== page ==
Discord: Is Australian rugby league headed for another rebellion?

By STEVE MASCORD

“I KEEP thinking this is a very interesting crescendo to your Super League War book. Because maybe we’re about to have another one…”

I received this message from a good friend on Facebook this morning, in reference to a book I am working on about 1997, the only year we had twin competitions in Australia. Her point was one i have already been pondering for days.

We talk about the Rugby League Family in times like these and it is true there are nice stories about fans, administrators, coaches and players looking after each other during the current global crisis.

But in Australia we have more of a Rugby League Mafia, a Rugby League Razor Gang.

It’s one thing for an electronics retailer like Gerry Harvey to say the pandemic is good for business because everyone is staying home.  It’s quite another, surely,  to try to use the pandemic to improve business and swing commercial fortunes in your favour.

The only conclusion I can garner from stories by colleagues Chris Barrett and Michael Chammas last week about the NRL’s negotiations with Channel Nine is that the clubs have done just that.

In case you missed it, not only would Channel Nine not pay the NRL the next instalment of their TV rights money – because no games are being played – but they wanted a new, extended deal in which the clubs had more power.

The clubs have more power? That couldn’t come from nowhere. Someone has been in someone’s ear about kicking someone (the NRL) fair in the gonads when they are down.

Sure enough, soon after came another story in which it was revealed the Premier League’s corporate structure had been lusted over by the clubs and that they saw this as a good opportunity to push these changes through.

A media organisation wooing rugby league clubs with the promise of more power? Hmm. where have we heard this before?

There was all the usual guff about the Premier League keeping all the money and only having 140 employees, with the usual crucial omission of the plain fact the Premier League doesn’t run soccer in England. It just runs one competition.

The Football Association, which does run soccer in England just as the ARLC runs rugby league in Australia, has 728 employees.

It is classic Australian rugby league culture – particularly from clubs, who John Quayle once famously said were “loyal to the ARL the way a cow is loyal to hay” – smell blood and go in for the kill.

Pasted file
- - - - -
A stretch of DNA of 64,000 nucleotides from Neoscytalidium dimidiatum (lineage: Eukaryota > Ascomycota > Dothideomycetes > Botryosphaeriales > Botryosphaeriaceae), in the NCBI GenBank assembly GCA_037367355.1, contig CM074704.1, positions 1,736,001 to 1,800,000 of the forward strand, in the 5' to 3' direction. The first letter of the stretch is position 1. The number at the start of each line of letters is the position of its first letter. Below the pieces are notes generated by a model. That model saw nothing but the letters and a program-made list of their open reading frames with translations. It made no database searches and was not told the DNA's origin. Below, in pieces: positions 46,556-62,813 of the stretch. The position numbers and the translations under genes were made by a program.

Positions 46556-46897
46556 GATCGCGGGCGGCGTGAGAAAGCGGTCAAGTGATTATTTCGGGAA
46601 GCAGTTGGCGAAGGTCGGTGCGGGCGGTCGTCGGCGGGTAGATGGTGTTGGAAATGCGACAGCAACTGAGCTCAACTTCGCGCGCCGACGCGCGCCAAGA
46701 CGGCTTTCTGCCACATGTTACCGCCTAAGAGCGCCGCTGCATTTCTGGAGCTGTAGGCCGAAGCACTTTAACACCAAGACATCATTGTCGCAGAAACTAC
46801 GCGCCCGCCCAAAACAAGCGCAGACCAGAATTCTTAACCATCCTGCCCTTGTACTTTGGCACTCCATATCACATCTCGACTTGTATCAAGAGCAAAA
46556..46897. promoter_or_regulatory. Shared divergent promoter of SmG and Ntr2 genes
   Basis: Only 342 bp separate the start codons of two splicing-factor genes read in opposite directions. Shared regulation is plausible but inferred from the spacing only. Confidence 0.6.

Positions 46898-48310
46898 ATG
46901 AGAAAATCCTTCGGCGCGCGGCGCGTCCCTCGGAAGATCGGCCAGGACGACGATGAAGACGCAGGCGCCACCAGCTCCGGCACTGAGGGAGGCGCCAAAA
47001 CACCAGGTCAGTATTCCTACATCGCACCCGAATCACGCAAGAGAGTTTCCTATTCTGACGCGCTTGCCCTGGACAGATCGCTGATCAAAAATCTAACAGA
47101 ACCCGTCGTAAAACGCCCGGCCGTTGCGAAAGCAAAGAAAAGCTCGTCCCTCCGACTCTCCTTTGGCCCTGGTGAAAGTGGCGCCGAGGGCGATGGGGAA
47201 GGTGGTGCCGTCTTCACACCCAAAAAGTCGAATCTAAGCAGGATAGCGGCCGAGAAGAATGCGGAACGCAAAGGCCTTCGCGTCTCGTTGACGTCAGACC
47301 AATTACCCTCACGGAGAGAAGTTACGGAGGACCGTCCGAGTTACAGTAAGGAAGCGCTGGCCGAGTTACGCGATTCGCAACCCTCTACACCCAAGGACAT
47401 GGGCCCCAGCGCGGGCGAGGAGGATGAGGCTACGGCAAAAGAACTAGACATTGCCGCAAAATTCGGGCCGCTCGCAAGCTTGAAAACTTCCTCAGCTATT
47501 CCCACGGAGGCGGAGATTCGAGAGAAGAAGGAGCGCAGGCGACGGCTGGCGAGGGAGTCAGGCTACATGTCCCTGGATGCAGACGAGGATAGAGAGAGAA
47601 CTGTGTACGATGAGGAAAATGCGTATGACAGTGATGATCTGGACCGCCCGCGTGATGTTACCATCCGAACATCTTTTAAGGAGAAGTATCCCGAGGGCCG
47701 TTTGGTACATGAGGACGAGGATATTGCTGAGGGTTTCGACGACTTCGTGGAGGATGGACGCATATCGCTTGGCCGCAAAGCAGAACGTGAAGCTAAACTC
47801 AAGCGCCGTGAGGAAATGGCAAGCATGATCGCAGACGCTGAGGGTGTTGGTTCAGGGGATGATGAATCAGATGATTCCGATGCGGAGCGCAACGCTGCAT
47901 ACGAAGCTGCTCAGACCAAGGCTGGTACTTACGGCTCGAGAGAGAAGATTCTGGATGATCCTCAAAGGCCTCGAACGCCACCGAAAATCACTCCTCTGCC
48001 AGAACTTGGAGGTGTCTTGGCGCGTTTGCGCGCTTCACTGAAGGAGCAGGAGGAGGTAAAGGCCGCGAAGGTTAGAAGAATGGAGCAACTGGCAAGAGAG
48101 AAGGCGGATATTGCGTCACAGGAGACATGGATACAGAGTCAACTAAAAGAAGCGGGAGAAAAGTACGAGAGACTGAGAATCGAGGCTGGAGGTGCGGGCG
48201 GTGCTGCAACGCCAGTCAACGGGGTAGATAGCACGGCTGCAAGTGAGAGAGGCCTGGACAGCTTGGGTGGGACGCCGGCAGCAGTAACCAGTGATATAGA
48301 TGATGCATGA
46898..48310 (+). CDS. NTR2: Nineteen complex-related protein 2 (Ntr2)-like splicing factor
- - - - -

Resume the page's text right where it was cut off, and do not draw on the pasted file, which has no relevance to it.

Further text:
You know the issues here well enough: an independent governing body is there to put the game first, clubs put themselves first. If you give all the TV money to the clubs, there’s nowhere for their players to come from.

But the NRL are not the clear-cut goodies here. This sad imbroglio is complicated by the NRL’s own disastrous decision in 2017 to liquidate its $54.6 million futures fund.

It gets $2 billion in TV rights but will be broke by October, apparently. What looked seven days ago to be be a professional, forward-thinking sports league has finished the week instead appearing bloated and hubristic. And – as the clubs and networks can smell – vulnerable.

On one hand, before this health crisis, free-to-air television networks seemed like having a steeply declining influence at League Central due to their own falling fortunes and slimming wallets and therefore it should only be necessary to stand up to them one more time.

The NRL has its own profitable digital operation and you can imagine that if it started selling the sport directly to customers tomorrow, there would be a huge take-up. The Watch NRL app, available for overseas fans, is a dry run for this.

But on the other hand, Nine appears to have jumped into bed with the clubs who are only interested in money. Clubs want to cut out the middle man until they need the middle man to bail them out of trouble. It has always been thus.

Now, the last time I looked the NRL had the right to set up 16 teams, call them the same name as the existing 16 teams, have them play in the same colours and exclude all 16 administrations. That was the case after the Super League War, maybe it’s changed.

But the other complication is the arrival of ARLC chairman Peter V’landys. It’s possible that as he executes the upcoming belt tightening, he may chose to dramatically scale back its digital operation (which was anticipated as soon as he took the job, due to his close relationship with News Ltd).

First the future fund goes down the gurgler, then the actual future. Suddenly the game is bombed back to, if not the dark ages, the Rex Mossop ages: reliant on TV money with clubs holding sway who have no use for expansion or international competition.

The clubs and at least one network have formed an unholy alliance to topple a teetering administration at head office. This could get ugly.

We’ve already seen something similar in Britain, where Super League broke away from the Rugby Football League and has said if the TV rights money drops below a certain level in the new TV deal, the lower division sides will get nothing.

Meanwhile, the RFL is so broke it asked the Challenge Cup holders to insure them against the possibility they make the final again, because a bad crowd would send the governing body broke.

Can it really be argued any of this is in the interests of the game?

Twenty-four years ago, Quayle found himself double-crossed by the new clubs he’d invited into the league and then disrespected and almost robbed blind by the old ones he’d fought to keep afloat.

He said at the time: “The scruples that have been lost have shattered me more more than anything.

“So many of the challenges to the game came from within.”

Against the background of a social and economic wasteland, rugby league’s eternal dance between naked greed and visceral beauty – that has always held it back – continues unabated.

 

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